Having experienced the debilitating effects that devastating illness’ such as cancer can have on a loved one, I witnessed the knowledge, care, support and hope given by medical professionals. When my grandmother suffered a heart attack, we regarded the many doctors, consultants and nurses who supported her as heroes. However, front-line staff are not alone in providing developments in the medical science and care that make a significant difference to another life.
It is in this capacity, with a focus on science that I wish to dedicate my future studies to.I have sought opportunities to develop my skills in science and achieved Gold for my CREST Project in which I had to design a vertical farm for future generations; gaining a better insight into the ways in which we can aid the survival of future generations. As a result, I was asked to talk at Statoil’s ‘Heroes of Tomorrow” event and received the “Most Practical” award.
In addition to my academic studies, I was a mentor to younger years aiding them with any support they needed. I was selected to be a House Captain, which helped me further my leadership and teamwork skills when hosting house assemblies and events. To tackle low participation, I thought of giving prizes to whomever participates the most in the year which saw high levels of attendance from pupils. I enrolled in the S6 Science Ambassador scheme where I visited local Primary schools and delivered lessons to younger pupils as well as taking on the role of mentor to younger year’s pupils and being a member of a peer support group.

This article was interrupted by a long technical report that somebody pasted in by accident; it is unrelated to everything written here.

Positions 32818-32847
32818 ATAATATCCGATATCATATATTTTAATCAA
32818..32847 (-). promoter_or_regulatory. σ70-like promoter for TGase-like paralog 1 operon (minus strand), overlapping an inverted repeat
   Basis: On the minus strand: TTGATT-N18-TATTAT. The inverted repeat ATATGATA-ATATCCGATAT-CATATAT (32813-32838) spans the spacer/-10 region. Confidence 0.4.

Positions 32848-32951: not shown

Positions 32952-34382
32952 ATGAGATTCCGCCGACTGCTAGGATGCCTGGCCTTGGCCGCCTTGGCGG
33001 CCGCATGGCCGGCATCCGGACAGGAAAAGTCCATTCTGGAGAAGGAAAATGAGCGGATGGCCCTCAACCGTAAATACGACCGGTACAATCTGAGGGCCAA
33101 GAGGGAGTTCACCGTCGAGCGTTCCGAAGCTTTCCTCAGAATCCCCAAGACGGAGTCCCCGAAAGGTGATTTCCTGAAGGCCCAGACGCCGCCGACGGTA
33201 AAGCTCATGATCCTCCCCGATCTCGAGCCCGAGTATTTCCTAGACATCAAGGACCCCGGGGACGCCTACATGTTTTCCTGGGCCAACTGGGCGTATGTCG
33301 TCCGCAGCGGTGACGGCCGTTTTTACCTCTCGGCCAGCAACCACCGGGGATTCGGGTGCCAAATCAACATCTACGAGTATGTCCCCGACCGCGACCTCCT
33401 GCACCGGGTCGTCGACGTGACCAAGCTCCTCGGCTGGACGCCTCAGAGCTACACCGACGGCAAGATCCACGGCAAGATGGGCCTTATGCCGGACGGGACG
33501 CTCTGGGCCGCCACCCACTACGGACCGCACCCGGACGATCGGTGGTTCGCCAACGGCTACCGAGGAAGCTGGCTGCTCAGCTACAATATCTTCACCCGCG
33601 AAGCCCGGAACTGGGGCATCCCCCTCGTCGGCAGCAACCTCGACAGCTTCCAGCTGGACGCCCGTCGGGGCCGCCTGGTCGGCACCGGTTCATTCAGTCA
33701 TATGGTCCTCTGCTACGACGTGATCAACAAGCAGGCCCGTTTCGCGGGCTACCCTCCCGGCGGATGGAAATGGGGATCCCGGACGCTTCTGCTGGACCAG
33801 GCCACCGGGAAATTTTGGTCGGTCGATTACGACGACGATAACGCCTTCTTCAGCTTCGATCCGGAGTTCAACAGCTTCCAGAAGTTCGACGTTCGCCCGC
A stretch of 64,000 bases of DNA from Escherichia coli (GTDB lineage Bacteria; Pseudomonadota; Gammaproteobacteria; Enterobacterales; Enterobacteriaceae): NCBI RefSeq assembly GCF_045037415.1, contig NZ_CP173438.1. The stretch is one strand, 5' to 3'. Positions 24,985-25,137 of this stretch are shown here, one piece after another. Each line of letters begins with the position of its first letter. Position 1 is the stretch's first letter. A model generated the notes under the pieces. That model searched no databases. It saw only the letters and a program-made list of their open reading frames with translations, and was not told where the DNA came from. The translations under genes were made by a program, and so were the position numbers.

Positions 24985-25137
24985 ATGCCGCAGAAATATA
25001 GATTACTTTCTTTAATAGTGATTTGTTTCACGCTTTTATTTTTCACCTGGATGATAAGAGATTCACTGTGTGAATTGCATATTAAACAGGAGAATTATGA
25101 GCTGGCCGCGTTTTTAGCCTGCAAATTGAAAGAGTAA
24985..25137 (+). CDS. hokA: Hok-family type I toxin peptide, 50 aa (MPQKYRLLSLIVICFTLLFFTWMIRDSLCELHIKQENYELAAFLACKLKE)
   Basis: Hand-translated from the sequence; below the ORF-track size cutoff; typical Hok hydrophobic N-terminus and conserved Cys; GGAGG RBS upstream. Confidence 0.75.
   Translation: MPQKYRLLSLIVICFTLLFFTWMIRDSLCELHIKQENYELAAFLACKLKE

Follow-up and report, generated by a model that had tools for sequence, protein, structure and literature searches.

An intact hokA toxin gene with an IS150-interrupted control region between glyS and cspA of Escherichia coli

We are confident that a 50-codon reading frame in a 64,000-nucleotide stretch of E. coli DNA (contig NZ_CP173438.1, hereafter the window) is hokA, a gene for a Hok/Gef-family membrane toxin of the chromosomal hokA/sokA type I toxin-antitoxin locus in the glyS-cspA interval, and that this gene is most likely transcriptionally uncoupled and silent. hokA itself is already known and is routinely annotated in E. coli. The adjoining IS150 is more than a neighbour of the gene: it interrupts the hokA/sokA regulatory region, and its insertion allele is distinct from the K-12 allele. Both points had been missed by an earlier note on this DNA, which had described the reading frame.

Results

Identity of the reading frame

Success as a student is as much about academic ability as it is about the experiences and interactions made outside the school wall in order to further yourself as an individual. In this respect I was also fortunate to gain a place on the “Access to Life Sciences” programme at Robert Gordon University. This 8-week programme offered a practical overview of the life of a biomedical sciences student and provided the opportunity to work on projects with pupils from other schools involving analytical thinking and problem solving.
From this, I particularly enjoyed chemical analysis as I like problem solving to determine unknown chemical values. Working closely with academic staff and students facilitated my forming positive relationships with them in a short space of time, increasing my adaptability and professionalism. These experiences in a higher education environment greatly helped me understand the requirements and demands of a student in my chosen study area.In addition, I have shadowed GP staff, working closely with a doctor to better understand how a patients’ needs can be effectively met. These non-academic experiences have prompted me to be more approachable and manage and organise tasks to a set timeline.Completion of the Gold Duke of Edinburgh award further enabled me to develop communication skills across a range of ages whilst learning more about my local community; In addition, I have completed over 500 hours of voluntary service for The Saltire Awards with the Salvation Army Charity shop and Angusfield Care Home, whilst also being employed at Hollister and KFC. This has undoubtedly enabled me to be more self-aware and focus on the efficient organisation of my studies and work life.
Meeting new people and widening my ability to adapt to new situations and environments will assist me in preparing for entering higher education and being the best student I can be.I am committed, ambitious and diligent and have actively sought experiences to extend my knowledge in Science and to ensure that I have all the necessary skills and qualities to be a successful student. My awareness of the physical and emotional demands of a life sciences student has forged a strong desire to go into the subject area and I look forward to the next stage in my academic studies and the opportunities that university can offer.